Great Chelsea Garden Challenge
The RHS/BBC competition series announced its winner in the run-up to the show
The winner of BBC2’s Great Chelsea Garden Challenge – the amateur garden designer whose garden was built at the RHS Chelsea Flower Show – was revealed in the run-up to the show as Sean Murray.
Sean, 51, is an occupational therapist and nurse who lives with his wife Eileen and 21-year-old daughter Ellen in Northumberland.
He was chosen from hundreds of entrants to become one of six would-be designers who were mentored by Joe Swift of BBC2's Gardeners' World. The participants had only four days and a limited budget to build show gardens in different styles – including cottage gardens, formal gardens and conceptual gardens – in order to impress RHS Judge James Alexander Sinclair and Gold medal-winning garden designer Ann-Marie Powell. The prize was the opportunity to create a Show Feature at Chelsea inspired by the RHS Greening Grey Britain campaign.
The would-be designers were judged on how well they met the brief, their horticultural knowledge, design skill and their garden’s sense of theatre. The BBC’s Great Chelsea Garden Challenge competition was filmed at gardens across the country, including RHS Garden Harlow Carr, while the finale took place at RHS Garden Wisley.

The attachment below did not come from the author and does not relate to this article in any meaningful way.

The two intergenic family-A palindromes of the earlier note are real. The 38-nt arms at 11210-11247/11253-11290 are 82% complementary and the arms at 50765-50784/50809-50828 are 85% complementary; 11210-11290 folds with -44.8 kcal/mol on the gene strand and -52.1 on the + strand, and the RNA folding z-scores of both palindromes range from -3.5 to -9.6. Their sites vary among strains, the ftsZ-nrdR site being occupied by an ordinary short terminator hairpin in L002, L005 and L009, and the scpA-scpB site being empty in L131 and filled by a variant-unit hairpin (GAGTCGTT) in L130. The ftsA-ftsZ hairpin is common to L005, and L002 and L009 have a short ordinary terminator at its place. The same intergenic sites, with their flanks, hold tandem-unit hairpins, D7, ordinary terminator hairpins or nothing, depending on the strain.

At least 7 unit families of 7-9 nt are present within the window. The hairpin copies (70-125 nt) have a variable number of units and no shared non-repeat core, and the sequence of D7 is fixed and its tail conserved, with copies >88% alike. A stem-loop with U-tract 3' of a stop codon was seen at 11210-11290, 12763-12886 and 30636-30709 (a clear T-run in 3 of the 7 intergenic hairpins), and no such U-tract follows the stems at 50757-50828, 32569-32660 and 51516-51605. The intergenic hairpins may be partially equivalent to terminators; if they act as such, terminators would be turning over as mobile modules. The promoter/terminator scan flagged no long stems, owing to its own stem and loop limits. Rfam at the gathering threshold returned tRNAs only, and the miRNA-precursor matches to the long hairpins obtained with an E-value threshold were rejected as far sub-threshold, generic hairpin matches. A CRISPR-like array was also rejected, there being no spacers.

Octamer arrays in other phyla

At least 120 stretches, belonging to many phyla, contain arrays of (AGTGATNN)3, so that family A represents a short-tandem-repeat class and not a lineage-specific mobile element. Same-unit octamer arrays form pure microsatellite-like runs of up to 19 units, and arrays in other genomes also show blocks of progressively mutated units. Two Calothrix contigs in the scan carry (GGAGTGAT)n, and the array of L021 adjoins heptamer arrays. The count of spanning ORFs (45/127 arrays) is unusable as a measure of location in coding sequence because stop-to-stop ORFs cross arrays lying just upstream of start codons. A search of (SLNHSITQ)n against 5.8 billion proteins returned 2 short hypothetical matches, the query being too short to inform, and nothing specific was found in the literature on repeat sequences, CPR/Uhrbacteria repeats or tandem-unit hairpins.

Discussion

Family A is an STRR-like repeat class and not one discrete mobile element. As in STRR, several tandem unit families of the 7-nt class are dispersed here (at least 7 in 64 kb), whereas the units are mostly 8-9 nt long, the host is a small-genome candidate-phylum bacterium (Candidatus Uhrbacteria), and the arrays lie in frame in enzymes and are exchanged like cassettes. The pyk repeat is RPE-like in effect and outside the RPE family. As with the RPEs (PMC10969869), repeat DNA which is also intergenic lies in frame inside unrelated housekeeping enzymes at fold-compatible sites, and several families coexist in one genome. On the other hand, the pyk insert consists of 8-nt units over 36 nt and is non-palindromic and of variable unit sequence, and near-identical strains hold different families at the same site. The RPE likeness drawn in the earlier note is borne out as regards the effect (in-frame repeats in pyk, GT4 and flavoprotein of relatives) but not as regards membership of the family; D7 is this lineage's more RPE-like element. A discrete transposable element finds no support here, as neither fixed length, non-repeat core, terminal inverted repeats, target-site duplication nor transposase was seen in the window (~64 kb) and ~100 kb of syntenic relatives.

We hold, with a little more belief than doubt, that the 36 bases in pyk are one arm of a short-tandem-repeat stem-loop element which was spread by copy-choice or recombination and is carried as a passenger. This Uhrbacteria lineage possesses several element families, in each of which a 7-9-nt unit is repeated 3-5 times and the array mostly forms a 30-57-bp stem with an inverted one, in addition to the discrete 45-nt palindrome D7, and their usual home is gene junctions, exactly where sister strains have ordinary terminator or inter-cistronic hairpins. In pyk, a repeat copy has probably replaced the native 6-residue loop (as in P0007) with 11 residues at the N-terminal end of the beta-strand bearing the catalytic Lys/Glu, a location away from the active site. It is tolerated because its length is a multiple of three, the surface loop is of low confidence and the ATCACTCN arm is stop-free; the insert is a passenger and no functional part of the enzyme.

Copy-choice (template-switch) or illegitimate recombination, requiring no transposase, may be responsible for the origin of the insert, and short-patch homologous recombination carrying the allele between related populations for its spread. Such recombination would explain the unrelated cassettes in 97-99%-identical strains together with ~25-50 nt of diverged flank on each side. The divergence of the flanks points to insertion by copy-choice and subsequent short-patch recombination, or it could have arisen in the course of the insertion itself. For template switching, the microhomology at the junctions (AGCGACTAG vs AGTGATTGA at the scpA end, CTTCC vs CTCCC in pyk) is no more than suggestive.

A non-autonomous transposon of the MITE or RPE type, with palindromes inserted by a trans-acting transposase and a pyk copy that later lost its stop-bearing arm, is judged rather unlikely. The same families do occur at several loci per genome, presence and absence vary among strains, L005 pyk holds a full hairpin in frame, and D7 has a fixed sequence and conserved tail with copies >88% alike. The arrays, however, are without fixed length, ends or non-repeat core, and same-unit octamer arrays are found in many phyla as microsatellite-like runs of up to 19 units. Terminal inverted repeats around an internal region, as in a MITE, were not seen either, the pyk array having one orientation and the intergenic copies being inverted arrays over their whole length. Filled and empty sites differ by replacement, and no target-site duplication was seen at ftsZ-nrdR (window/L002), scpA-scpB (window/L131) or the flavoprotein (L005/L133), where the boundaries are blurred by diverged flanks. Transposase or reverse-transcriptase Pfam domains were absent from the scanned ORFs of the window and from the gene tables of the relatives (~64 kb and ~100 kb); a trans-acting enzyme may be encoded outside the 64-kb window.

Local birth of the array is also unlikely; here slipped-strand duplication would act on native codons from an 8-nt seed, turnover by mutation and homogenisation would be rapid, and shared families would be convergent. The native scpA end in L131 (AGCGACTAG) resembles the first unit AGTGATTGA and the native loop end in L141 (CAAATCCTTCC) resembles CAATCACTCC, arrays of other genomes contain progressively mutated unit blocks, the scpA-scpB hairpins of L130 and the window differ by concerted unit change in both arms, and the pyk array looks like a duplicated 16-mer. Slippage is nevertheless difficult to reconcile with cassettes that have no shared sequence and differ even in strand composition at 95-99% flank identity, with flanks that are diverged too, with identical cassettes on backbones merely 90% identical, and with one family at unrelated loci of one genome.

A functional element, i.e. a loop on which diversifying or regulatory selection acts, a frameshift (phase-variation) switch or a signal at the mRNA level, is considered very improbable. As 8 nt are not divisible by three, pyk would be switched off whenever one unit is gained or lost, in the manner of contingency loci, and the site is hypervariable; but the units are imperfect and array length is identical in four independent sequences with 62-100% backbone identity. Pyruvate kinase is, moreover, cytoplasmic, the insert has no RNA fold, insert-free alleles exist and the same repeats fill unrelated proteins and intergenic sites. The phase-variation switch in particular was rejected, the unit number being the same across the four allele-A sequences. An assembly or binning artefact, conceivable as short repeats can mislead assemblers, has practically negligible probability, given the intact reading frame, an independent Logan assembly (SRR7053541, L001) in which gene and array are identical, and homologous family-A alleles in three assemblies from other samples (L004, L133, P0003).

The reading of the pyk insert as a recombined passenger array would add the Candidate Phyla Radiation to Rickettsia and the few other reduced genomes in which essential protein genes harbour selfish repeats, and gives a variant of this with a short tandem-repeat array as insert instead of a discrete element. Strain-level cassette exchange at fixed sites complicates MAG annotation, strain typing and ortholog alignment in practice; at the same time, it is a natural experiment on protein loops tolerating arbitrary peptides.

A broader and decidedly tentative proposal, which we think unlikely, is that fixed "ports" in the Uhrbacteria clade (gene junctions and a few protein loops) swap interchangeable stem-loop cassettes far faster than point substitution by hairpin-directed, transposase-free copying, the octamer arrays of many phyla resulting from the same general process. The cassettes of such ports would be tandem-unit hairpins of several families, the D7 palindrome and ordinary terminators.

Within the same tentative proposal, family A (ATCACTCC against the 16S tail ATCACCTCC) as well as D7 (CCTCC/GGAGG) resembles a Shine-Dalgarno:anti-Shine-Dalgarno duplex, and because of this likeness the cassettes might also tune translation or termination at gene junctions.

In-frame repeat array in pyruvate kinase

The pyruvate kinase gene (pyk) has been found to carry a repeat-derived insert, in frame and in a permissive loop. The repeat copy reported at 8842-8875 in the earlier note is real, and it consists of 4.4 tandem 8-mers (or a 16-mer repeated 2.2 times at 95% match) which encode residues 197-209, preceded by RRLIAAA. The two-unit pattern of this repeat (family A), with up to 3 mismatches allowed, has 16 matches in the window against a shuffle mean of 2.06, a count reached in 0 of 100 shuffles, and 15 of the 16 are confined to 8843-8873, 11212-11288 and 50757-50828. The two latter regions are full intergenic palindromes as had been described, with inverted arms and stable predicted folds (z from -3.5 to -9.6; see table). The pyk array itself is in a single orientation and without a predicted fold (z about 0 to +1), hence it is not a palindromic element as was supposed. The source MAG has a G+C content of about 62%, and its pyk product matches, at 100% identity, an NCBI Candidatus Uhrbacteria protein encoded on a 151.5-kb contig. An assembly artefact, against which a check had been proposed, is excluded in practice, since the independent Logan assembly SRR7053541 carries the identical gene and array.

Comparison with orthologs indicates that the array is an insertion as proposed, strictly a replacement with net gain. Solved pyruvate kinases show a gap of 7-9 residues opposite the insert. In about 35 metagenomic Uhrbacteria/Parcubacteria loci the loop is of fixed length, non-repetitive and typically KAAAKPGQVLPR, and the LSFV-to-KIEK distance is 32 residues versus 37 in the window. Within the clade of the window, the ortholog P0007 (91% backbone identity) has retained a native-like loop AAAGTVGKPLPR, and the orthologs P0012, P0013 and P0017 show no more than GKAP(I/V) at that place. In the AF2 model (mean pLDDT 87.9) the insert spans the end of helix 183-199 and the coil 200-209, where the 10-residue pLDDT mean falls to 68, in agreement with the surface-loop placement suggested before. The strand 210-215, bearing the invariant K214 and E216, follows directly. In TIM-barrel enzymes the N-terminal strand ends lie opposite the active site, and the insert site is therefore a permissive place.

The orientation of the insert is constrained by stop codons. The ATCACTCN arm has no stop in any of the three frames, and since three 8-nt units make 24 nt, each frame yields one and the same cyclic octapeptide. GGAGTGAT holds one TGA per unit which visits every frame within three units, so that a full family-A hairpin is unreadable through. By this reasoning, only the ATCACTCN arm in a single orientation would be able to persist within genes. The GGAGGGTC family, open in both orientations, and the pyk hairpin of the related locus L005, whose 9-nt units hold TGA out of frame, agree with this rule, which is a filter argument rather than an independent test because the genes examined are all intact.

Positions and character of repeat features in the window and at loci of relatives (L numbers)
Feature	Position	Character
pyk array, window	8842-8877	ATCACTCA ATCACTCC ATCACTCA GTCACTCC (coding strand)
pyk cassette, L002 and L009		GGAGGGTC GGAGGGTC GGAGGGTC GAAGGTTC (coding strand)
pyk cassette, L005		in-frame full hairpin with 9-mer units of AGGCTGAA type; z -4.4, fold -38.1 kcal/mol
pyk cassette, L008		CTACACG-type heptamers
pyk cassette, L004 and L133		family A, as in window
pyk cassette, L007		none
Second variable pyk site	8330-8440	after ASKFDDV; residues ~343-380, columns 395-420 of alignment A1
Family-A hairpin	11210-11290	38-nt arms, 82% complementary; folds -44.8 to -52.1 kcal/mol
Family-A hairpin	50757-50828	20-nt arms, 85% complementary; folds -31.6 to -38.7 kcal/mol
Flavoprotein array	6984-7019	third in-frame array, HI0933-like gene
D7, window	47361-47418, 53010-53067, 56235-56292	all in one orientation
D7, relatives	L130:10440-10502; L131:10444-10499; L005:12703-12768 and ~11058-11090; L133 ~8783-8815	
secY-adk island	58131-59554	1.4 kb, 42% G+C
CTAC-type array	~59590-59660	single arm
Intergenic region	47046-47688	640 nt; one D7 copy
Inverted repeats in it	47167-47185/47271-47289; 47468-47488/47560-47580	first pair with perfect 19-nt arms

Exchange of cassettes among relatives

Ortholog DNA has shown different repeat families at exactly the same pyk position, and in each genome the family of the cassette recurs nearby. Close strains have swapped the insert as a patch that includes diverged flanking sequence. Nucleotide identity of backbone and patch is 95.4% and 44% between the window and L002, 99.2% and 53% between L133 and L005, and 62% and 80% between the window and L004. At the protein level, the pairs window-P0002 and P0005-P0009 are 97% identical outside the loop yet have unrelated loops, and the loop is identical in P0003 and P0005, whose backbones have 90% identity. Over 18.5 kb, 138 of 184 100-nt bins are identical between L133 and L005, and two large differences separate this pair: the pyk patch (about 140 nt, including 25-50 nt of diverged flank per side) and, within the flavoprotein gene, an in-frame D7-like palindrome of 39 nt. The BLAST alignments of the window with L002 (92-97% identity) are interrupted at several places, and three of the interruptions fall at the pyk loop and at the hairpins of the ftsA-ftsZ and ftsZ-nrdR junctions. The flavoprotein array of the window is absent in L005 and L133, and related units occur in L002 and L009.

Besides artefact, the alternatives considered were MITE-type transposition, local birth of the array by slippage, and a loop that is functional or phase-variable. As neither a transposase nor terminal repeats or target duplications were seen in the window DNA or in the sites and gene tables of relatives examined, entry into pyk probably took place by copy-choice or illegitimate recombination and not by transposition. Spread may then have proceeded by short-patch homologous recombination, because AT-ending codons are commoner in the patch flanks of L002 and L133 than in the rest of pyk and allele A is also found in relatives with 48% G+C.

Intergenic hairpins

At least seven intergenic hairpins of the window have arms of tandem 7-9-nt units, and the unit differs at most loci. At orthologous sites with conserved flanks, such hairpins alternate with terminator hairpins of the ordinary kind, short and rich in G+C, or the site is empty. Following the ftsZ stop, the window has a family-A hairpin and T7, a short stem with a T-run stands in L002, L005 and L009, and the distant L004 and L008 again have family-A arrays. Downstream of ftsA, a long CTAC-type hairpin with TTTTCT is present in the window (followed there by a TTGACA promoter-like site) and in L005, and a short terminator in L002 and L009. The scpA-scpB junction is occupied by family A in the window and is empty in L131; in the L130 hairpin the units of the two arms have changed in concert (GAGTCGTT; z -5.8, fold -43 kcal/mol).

One of Sean’s earliest memories is sending off to a local newspaper for a six-seed starter pack, for which he still has the newspaper cutting. His first article for his school magazine explained how to disbud a show chrysanthemum, much to the amusement of the rest of his class.
Sean is completely self-taught and has no formal garden training. He is also a self-taught flower designer and recently passed his NAFAS (National Association of Flower Arrangement Societies) demonstrator's test.
The RHS briefed Sean to design a front garden for the RHS Chelsea Flower Show, incorporating parking and plants as part of the charity’s new campaign to get Greening Grey Britain. As many of the UK’s front gardens are paved over for parking, the RHS wanted Sean to design a garden that would demonstrate how you can have space to park a car, but that it is also possible, and important, to incorporate plants within a front garden.
Sean's design incorporated gravel with naturalised planting and he kept hard surfacing to a minimum, due to its associated impact on local flooding and rising temperatures. The ebb and flow of a water-filled crevice divided the garden, symbolising the flooding and draining of the earth.
Reclaimed materials were included to complement the slate dry stone walling and paving. Nooks and crannies were created to support nesting and overwintering habitats for wildlife.
Secluded seating was situated beneath a tree canopy, while a tapestry of shrubs, perennials and scented climbers was interwoven with annuals and bulbs, providing year-round interest from leaf texture, form and changing colour.
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